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10. What is mean by negative or hogging BM? BM is said to negative if moment on left side of beam is counterclockwise or right side of the beam is clockwise. 11. Define shear force and bending moment? SF at any cross section is defined as algebraic sum of all the forces acting either side of beam. BM at any cross section is defined as algebraic sum of the moments of all the forces which are placed either side from that point. 12. When will bending moment is maximum? BM will be maximum when shear force change its sign. 13. What is maximum bending moment in a simply supported beam of span ‘L’ subjected to UDL of ‘w’ over entire span? Max BM =wL2/8 14. In a simply supported beam how will you locate point of maximum bending moment? The bending moment is max. When SF is zero. Write SF equation at that pointand equating to zero we can find out the distances ‘x’ from one end .then find maximum bending moment at that point by taking all moment on right or left hand side of beam. 15. What is shear force? The algebraic sum of the vertical forces at any section of the beam to the left or right of the section is called shear force. 16. What is shear force and bending moment diagram? It shows the variation of the shear force and bending moment along the length of the beam. 17. What are the types of beams? 1. Cantilever beam 2. Simply supported beam 3. Fixed beam 4. Continuous beam 5. over hanging beam 18. What are the types of loads? 1. Concentrated load or point load 2. Uniform distributed load 3. Uniform varying load 19. In which point the bending moment is maximum? When the shear force change of sign or the shear force is zero. 20. Write the assumption in the theory of simple bending? 1. The material of the beam is homogeneous and isotropic. 2. The beam material is stressed within the elastic limit and thus obey hooke’slaw. 3. The transverse section which was plane before bending remains plains after bending also. 4. Each layer of the beam is free to expand or contract independently about the layer, above or below. 5. The value of E is the same in both compression and tension 21. Write the theory of simple bending equation? M/ I = F/Y = E/R M - Maximum bending moment I - Moment of inertia F - Maximum stress induced Y - Distance from the neutral axis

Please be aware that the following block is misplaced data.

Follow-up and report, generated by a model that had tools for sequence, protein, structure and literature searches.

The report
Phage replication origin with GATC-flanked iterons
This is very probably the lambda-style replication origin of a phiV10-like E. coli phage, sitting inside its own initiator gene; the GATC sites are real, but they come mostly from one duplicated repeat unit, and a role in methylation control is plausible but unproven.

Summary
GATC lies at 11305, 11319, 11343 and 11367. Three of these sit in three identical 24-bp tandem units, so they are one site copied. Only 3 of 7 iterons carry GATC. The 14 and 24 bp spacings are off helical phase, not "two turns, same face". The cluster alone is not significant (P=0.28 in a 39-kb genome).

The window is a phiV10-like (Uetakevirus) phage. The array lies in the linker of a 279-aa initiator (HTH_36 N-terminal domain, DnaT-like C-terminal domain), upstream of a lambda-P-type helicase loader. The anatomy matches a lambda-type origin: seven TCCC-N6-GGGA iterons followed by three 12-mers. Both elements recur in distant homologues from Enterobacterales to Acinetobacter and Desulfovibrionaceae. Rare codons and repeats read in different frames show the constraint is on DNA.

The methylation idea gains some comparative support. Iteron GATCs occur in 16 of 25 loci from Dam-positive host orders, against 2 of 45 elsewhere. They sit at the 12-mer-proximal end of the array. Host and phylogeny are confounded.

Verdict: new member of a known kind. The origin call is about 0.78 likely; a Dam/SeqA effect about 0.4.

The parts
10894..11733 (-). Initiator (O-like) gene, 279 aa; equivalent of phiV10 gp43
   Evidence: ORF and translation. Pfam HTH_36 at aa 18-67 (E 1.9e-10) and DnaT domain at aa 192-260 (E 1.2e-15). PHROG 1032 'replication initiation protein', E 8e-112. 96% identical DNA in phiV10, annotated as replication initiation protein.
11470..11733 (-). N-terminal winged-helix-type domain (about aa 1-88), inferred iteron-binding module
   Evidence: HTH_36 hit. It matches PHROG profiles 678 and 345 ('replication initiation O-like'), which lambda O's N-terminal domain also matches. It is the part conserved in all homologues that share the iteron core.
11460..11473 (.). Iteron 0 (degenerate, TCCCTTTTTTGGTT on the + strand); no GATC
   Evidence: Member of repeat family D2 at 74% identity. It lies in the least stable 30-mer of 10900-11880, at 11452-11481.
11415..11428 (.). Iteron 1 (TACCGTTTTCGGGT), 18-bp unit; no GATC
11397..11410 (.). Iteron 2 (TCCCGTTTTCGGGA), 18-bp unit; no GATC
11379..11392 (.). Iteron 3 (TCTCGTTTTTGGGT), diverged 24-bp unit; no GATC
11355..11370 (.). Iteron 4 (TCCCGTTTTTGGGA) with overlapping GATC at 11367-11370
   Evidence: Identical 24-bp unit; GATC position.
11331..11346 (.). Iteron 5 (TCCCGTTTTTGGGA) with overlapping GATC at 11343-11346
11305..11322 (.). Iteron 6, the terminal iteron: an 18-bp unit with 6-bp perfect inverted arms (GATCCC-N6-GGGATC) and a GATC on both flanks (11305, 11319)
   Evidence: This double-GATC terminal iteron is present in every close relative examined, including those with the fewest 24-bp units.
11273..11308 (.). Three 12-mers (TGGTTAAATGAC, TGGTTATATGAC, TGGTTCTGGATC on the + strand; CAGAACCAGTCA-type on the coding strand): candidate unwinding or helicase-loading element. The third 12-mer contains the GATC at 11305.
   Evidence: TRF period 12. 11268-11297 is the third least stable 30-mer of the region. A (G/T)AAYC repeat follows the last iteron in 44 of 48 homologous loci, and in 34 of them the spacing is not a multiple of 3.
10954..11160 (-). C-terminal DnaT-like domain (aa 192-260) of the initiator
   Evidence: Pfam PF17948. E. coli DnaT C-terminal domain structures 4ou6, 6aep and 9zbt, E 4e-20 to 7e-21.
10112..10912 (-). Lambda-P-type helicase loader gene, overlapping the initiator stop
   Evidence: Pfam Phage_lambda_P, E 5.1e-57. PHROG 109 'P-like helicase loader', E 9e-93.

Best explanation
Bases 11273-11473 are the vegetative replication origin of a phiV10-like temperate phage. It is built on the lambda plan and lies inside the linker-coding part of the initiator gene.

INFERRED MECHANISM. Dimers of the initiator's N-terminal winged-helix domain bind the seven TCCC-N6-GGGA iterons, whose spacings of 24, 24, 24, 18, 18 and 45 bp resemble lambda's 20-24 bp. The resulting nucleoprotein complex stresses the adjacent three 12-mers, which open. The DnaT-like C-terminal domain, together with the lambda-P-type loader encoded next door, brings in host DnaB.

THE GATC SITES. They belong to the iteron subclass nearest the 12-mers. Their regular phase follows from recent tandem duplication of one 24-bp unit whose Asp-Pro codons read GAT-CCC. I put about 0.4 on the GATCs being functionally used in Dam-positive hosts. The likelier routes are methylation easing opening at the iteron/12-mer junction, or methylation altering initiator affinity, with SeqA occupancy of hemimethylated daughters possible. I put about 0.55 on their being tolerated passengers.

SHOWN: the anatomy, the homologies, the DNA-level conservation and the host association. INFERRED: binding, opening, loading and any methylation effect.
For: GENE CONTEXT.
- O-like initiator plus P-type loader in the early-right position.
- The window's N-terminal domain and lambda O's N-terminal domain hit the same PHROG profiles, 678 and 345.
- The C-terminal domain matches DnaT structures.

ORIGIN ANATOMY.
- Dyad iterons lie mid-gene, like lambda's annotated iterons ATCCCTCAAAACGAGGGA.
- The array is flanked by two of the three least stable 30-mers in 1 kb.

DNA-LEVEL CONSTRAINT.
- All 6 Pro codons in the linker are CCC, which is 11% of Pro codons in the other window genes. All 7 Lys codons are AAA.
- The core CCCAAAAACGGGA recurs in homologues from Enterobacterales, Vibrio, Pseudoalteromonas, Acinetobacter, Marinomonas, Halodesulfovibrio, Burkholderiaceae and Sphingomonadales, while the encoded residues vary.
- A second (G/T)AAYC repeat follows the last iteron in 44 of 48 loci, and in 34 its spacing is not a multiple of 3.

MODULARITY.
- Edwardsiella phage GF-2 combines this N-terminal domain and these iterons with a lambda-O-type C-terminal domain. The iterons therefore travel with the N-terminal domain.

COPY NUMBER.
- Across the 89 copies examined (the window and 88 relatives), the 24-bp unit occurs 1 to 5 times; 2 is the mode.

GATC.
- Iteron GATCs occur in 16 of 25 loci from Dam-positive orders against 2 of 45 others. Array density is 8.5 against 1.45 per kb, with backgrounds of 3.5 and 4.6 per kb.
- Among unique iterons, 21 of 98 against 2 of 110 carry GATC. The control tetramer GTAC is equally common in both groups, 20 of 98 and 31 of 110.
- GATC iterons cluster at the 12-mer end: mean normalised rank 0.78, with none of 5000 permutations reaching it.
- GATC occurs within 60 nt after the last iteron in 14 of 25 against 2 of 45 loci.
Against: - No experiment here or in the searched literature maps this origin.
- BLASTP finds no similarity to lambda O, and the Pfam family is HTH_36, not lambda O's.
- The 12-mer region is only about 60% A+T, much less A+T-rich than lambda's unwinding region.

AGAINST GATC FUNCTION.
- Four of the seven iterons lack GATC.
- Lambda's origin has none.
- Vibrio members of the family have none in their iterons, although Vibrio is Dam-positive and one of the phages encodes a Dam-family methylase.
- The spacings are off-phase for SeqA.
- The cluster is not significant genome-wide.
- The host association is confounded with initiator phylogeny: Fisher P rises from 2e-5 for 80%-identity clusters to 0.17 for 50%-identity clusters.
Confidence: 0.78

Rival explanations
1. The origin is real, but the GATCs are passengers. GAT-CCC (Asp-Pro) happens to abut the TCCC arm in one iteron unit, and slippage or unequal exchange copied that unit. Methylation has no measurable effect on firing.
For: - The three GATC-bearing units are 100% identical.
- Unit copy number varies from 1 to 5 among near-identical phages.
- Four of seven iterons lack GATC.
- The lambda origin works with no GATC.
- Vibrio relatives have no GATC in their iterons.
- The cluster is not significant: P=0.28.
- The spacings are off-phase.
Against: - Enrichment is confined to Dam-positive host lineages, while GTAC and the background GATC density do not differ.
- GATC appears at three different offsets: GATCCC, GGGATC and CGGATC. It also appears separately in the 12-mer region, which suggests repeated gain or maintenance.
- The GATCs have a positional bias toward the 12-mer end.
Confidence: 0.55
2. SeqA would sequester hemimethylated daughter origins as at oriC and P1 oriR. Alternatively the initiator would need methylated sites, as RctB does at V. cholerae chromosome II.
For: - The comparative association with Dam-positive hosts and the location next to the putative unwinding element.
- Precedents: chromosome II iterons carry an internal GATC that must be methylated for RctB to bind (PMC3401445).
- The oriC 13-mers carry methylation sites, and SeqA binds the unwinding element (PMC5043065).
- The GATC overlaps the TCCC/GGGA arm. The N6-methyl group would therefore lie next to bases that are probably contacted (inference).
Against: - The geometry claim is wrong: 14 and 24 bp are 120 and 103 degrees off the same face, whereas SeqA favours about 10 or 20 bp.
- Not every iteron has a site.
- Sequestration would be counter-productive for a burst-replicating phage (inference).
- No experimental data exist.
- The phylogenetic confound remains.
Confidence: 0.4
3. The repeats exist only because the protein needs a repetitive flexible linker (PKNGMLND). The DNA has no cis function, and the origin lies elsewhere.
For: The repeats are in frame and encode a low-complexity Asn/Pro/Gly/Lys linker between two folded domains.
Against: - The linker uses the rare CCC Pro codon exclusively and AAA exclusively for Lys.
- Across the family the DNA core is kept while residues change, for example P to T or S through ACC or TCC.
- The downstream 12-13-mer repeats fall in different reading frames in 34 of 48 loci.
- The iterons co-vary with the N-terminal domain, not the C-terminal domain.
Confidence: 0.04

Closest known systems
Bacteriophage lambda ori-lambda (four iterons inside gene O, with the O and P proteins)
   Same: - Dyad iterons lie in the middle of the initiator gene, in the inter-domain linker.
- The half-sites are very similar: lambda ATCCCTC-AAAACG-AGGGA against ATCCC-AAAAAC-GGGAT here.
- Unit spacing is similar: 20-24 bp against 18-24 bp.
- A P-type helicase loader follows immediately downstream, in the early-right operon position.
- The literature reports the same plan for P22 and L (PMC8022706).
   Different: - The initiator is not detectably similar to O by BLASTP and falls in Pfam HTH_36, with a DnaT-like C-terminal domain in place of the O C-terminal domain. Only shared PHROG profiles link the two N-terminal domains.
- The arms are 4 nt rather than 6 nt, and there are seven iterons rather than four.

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E - Young’s modulus R - Constant 22.Define neutral axis of a cross section The line of intersection of the neutral surface on a cross-section is called the neutral axis of a crosssection. There is no stress at the axis TORSION AND SPRINGS 1. Define Torsion. When a pair of forces of equal magnitude but opposite directions acting on body, it tends to twist the body. It is known as twisting moment or torsion moment or simply as torque. Torque is equal to the product of the force applied and the distance between the point of application of the force and the axis of the shaft. 2. What are the assumptions made in Torsion equation (I) The material of the shaft is uniform throughout. (ii) The twist along the shaft is uniform. (iii) Normal cross sections of the shaft, which were plane and circular before twist, remain plane and circular after twist. (iv) All diameters of the normal cross section which were straight before twist, remain straight with their magnitude unchanged, after twist 3. Define polar modulus Polar modulus is defined as the ratio of the polar moment of inertia to the radius of the shaft. It is also called torsional section modulus and is denoted by Zp. Or It is the ratio between polar moment of inertia and radius of the shaft. Zp = polar moment of inertia = J Radius R 4. Write the polar modulus for solid shaft and circular shaft. £ = polar moment of inertia = J Radius R J= 𝜋D4 32 5. Why hollow circular shafts are preferred when compared to solid circular shafts? • The torque transmitted by the hollow shaft is greater than the solid shaft. • For same material, length and given torque, the weight of the hollow shaft will be less compared to solid shaft. 6. Write torsional equation T/J=Cᶿ/L=q/R T-Torque J- Polar moment of inertia C-Modulus of rigidity L- Length q- Shear stress R- Radius 7. Write do𝝅wn the expression for power transmitted by a shaft Power P=2 𝜋NT/60 N-speed in rpm